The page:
Listener: 4 August, 1984
Keywords: Macroeconomics & Money;
Devaluation is one of those topics, like sexual relations, about which it is extremely difficult to have a sensible discussion in public and which, as a result, is surrounded by mystery and mysticism.
The trouble is that any public mention of the topic by a person with only a modicum of economic authority can easily lead to rumours that devaluation is “on”. That this column is written about four weeks before it is published by an economist outside the public sector; who is careful not to discuss with government economists and politicians short-term exchange rate issues, will do little to quell such rumours. However, the runs on the dollar which commenced with the calling of the snap election are a convenient excuse to discuss the general issue without any possibility of the reader presuming I have inside information.
First, how the exchange rate is determined? For all its economic history New Zealand has run a fixed peg exchange rate, that is, the price of the New Zealand dollar has been set at a fixed rate in relation to some other currency or currencies. For much of that time it was set in relation to the pound sterling. In the 1970s we switched over to the US dollar and later to a basket of currencies. The way the peg was fixed has changed (mostly it has been a “nominal” peg, but between July 1979 and May 1982 it was a “real” peg). However in all cases, the underlying mechanism is that the Reserve Bank sets the exchange rate and then enforces it by buying and selling foreign currencies at that rate. To do this it has its own stock of foreign currencies called, to simplify slightly, the foreign exchange reserves.
This is not the only way the exchange rate may be determined. For instance, since December 1983 the Australians have had a “floating” exchange rate. In this case there is no official exchange rate and their Reserve Bank, as a rule, does not intervene in the market buying or selling currencies. Instead, dealers in the markets negotiate rates for their customers. If more demand foreign currency than are willing to supply it at the current price then the price of the foreign currency in Australian dollar terms will “float” up (ie a devaluation or “depreciation”). And conversely. if there is an excess supply of foreign currency its price will go down and there will be a revaluation/appreciation.
Consider the situation when a snap election is called, and market operators believe that a new government will take measure which have the effect of devaluing/depreciating. Under a fixed peg regime, the operators would believe that their New Zealand currency would be much less valuable in terms of foreign currencies in the near future, so they would convert their local dollars into foreign currencies. Since everyone is doing this, they would purchase the foreign currencies from the Reserve bank, who finds its foreign exchange currencies being drawn down.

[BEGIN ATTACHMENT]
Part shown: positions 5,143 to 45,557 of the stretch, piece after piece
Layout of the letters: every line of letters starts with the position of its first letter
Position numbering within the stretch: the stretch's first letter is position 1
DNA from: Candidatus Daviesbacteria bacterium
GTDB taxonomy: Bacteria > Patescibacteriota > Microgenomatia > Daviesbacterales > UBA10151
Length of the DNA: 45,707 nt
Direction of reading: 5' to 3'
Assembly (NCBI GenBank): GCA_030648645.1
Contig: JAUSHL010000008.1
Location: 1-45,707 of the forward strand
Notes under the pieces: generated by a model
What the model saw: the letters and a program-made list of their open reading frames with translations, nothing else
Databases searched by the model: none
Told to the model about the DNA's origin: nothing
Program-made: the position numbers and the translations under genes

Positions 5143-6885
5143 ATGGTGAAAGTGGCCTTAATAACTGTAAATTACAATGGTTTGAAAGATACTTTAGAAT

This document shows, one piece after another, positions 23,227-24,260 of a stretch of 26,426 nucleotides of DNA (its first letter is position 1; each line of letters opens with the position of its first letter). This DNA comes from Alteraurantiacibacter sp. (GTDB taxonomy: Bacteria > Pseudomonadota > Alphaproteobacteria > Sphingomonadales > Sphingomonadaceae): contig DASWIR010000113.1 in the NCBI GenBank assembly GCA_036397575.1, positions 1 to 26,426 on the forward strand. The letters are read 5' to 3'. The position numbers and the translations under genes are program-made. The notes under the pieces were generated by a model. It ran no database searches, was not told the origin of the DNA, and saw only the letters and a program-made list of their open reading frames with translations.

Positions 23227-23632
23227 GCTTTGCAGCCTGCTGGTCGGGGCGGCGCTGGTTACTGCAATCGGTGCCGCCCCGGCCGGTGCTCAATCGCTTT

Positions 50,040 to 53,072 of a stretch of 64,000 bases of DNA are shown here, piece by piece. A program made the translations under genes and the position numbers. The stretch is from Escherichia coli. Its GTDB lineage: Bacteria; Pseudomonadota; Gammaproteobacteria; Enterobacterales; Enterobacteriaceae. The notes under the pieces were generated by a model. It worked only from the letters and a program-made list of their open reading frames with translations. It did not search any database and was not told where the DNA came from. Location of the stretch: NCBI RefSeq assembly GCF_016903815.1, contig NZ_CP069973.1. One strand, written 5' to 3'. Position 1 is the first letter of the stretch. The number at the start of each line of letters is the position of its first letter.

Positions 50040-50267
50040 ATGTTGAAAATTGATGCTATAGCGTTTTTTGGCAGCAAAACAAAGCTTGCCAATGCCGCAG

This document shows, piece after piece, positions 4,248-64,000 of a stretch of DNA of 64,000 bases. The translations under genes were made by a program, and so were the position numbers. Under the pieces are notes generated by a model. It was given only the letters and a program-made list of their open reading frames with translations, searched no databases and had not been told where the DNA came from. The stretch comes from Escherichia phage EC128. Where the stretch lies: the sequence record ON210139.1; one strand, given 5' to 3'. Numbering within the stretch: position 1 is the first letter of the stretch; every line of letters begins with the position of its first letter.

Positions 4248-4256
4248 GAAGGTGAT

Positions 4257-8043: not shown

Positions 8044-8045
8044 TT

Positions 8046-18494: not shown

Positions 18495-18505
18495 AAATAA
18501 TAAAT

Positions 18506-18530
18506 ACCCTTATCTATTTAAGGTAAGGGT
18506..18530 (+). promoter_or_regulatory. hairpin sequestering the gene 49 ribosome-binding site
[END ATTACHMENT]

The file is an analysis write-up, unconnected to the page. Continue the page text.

This would set off the panic button, and shortly there would follow earnest consultations between the Ministers, the Reserve Bank, and the Treasury, as to whether to devalue now or to impose exchange controls, credit squeezes, or whatever to “protect” the reserves, Meanwhile, standby credit lines, which all Reserve Banks have arranged, would be activated to supplement their stock of foreign currencies.
Under the float, the operators who believed that New Zealand currency was going to become less valuable would start selling it for foreign currencies, Since everyone would be doing this, there would be few purchases, so the price of foreign currency would move up until some operators thought it was at the right level, and start selling, The Reserve Bank would not be affected, and no doubt they would go about their normal business of hosting IMF delegations and writing learned treatises upon the fall of the rupee.
Rather than rehearse the cases for fixed and floating and exchange rates, I want to focus on the management mechanism,
The: first issue is that I do not think it is helpful to criticise the market operators. Their “speculating” on the dollar is not very different to any of us buying up beer, cigarettes, and petrol before a budget because we believe the tax on them is going up,
When operators speculate. they do so for good reasons, because it can be very expensive to get it wrong. Note. however, that it is much less expensive to speculate and fail under a fixed peg regime than a float, and more profitable to succeed.
Any government which had a fixed exchange rate policy and was expecting to experience a series of speculative attacks should consider succumbing to the devaluation at an early stage. Fending off speculative wave after speculative wave is wearying and expensive.
It is worth reflecting on the constitutional implications of a speculative attack under a fixed exchange rate regime occurring just as (or perhaps precipitated by) the Prime Minister and the Minister of Finance were incapacitated (perhaps through a common accident). What measures could the public servants legally take? In contrast, the floating exchange rate market regime functions even when politicians cannot.
While this may seem timid today, it was unusual back in 1984 to be so explicit, as the opening paragraph explains. The column was written before the 1984 election day, and before the currency was devalued a week later.